Not too long ago, I wrote a blog about Eargo 5, and if you’re familiar at all with that post, you’ll know how enamored I was with the device. It truly met – and exceeded – so many of my expectations. It’s still hard to believe it. So, imagine how my curiosity was piqued when I heard about the all-new Eargo 6 – and its latest, greatest advancement.
The website and other advertisements hyped up the Sound Adjust feature, so I was eager to try that out. After charging up the Eargo 6 units and going through the Sound Match process again, I wasn’t sure what to expect with Sound Adjust. In fact, as I wore them for a couple of weeks, I was having doubts that Sound Adjust was even working. It was nothing that was readily apparent to me, so I figured that I just didn’t know what I was looking for. I checked the mobile app and all four program areas had a green check showing, so I could see that the feature was turned on.
That all changed as I began to really listen outside of my two most common environments (my home condo and my work office).
I arranged to meet a friend for dinner at a local restaurant and was seated across from him at a booth. As I sat there listening to my friend, and as more people came into the restaurant and were seated, I noticed that my ears were hearing differently, in that my left ear (the one facing the dining area) and my right ear (the one facing the wall) were reducing background noise and amplifying speech at different levels. I also noticed that in spite of this unbalanced environment, my friend’s speech was very, very clear. Sound Adjust automatically adapted to the noisy environment and modified the Eargo 6 settings without any manual adjustment by me. This was the first time I had been able to actually notice that Sound Adjust came into play. As we left the restaurant and went outside, I noticed that my left and right ears began hearing things in a more balanced fashion again. At this point, I became astutely aware that Sound Adjust was working for me.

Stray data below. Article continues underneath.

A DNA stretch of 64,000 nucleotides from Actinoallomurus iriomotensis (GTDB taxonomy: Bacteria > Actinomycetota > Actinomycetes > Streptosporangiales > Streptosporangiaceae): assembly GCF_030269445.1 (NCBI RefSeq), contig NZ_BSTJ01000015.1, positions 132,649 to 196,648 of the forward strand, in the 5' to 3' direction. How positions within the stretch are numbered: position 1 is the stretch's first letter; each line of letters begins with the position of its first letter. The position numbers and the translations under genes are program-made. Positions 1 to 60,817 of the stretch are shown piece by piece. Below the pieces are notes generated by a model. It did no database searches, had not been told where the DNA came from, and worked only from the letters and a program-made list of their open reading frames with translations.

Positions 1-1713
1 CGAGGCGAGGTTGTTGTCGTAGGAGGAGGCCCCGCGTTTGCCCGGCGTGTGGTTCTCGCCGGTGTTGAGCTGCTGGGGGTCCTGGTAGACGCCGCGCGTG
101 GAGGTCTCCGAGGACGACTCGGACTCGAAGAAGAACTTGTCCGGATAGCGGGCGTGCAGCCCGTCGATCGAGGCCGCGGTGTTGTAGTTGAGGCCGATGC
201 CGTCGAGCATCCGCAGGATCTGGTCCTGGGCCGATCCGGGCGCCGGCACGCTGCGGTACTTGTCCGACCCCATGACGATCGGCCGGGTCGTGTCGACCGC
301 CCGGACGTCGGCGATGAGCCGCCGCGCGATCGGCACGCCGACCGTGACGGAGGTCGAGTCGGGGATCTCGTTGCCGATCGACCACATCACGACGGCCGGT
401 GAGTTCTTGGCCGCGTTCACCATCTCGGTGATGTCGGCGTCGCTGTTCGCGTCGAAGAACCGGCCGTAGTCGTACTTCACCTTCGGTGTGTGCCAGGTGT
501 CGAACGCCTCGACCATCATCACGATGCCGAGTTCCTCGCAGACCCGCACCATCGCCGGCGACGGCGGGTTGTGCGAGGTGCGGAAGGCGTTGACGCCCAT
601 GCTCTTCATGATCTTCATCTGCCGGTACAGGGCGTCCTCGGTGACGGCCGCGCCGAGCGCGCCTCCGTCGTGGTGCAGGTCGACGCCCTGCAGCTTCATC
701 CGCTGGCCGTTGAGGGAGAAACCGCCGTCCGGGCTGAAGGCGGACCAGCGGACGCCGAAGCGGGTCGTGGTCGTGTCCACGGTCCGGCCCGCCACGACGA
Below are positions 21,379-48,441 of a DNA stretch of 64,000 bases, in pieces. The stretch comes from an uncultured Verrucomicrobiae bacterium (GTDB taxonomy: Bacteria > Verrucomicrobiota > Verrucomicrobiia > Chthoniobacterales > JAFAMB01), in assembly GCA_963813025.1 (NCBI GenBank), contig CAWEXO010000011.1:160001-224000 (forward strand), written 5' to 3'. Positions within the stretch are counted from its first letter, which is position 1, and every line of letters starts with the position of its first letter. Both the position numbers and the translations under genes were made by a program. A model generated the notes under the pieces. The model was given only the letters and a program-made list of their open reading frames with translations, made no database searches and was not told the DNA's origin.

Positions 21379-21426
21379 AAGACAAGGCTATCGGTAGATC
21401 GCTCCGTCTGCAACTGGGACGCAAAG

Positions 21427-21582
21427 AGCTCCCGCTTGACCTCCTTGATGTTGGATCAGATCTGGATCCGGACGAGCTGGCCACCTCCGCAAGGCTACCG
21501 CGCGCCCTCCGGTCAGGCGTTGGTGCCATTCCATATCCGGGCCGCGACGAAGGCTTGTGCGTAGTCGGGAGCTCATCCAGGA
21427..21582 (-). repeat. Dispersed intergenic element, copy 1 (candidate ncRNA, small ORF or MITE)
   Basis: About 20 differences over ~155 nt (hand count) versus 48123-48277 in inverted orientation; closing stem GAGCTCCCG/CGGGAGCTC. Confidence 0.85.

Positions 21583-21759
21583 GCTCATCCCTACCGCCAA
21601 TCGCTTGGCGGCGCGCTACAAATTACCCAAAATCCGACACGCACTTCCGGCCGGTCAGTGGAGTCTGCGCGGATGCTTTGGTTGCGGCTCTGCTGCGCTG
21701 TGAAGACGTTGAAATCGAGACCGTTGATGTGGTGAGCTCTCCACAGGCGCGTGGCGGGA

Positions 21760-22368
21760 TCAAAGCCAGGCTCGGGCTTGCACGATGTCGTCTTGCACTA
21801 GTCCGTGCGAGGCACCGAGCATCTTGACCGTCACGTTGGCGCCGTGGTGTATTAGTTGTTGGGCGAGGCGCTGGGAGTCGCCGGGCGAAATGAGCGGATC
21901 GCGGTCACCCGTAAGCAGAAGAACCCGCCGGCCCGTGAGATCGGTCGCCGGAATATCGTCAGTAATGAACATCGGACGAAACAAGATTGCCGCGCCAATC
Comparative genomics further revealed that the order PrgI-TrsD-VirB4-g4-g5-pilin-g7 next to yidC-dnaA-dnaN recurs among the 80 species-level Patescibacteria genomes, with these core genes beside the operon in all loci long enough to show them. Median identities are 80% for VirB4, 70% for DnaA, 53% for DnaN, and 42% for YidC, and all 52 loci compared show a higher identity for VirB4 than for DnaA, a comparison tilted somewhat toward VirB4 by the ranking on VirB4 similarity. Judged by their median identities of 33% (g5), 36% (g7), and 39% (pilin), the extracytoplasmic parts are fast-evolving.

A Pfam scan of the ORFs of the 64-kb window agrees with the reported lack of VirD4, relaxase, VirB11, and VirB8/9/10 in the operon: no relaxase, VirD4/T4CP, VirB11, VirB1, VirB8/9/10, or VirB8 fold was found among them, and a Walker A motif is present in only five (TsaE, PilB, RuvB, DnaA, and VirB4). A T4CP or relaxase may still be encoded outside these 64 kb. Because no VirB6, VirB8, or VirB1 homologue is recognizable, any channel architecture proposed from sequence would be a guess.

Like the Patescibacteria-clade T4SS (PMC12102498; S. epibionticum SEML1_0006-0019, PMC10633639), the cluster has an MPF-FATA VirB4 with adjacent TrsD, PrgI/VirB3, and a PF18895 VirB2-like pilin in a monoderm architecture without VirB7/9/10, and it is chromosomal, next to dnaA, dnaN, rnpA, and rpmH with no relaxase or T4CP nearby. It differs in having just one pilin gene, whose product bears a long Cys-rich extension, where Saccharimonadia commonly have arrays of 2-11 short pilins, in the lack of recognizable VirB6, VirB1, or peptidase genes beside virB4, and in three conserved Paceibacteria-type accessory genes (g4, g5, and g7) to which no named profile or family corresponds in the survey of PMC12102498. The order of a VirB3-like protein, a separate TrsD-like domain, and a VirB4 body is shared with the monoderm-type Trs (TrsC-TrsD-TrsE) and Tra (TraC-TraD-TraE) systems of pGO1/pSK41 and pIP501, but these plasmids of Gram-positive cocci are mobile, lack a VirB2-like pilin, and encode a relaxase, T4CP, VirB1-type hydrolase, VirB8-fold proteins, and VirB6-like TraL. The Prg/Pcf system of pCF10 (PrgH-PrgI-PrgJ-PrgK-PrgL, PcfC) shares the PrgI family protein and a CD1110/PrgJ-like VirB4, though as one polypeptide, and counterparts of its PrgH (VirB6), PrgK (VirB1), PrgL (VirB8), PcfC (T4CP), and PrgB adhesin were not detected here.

In the comfort of my condo, I get up early every morning to work out and put on a fitness watch that is passcode protected. With Eargo 5, I would hear a faint click as I entered the passcode on the watch. When I switched to Eargo 6, that faint clicking sound disappeared—which I found to be odd. I suspected that Sound Adjust was determining that I was in a very quiet environment and was reducing amplification or filtering out certain unwanted sounds. To test, I opened the app on my phone and disabled Sound Adjust. Then I entered the passcode on my watch, and guess what? The faint clicks were back. Sound Adjust was, indeed, adapting to my environment.
In my office – a very quiet environment – I run a small floor fan to provide air circulation and to provide some background white noise (which helps me concentrate). After switching to Eargo 6, I was surprised by how quiet my floor fan had become and assumed that it was slowing down and would need to be replaced soon. Was I wrong! I switched to the program where I had turned Sound Adjust off, and immediately the volume of the fan went up—a lot. I hadn’t realized it, but Sound Adjust was bringing the environmental background noise of my floor fan way, way down.
I also discovered another benefit of both Eargo 5 & Eargo 6 while riding my motorcycle – a big cruiser model. The last time I rode the motorcycle I was wearing an Eargo Neo HiFi system, or should I say NOT wearing Eargo Neo HiFis. Because of the change in the wind and sound pressure, while riding, they would constantly change programs so I would have to take them out of my ears before riding. Two weekends ago, I fetched my motorcycle out of storage and started riding again. I left my Eargo 6 devices in my ears, somewhat expecting to have the same problem as the Eargo Neo HiFis. I was both surprised and ecstatic to find that I was able to ride comfortably with my Eargo 6 units in. Not once did they spontaneously change programs, and I had absolutely no issue with excessive wind noise—perhaps because the units are bullet-shaped and go inside the ear canal a little farther than the Eargo Neo Hifi? Regardless of why, this is a fantastic benefit that also instills confidence in riding knowing that I can clearly hear the environmental sounds around me—something extremely important for motorcycle riders and their safety!
Sound Adjust is a great feature, but I’ve learned that there are select times when turning it off makes total sense. For example, listening to live music. I want to hear the screaming lead guitar, the thump of the bass guitar, and the kick drum in all their splendor. Turning off Sound Adjust in that environment gives me a consistent and gratifying listening experience when I don’t want environmental noises filtered out.
Put simply, these Eargo 6 hearing aids are phenomenal. And now that I know what to look for with Sound Adjust, I’m noticing benefits much more often than when I first started wearing them. Like any technology, one has to get used to it, understand its features, and also understand its limitations. Hearing aids are no different. The more you understand them, the better they’ll perform for you.
*This is a paid endorsement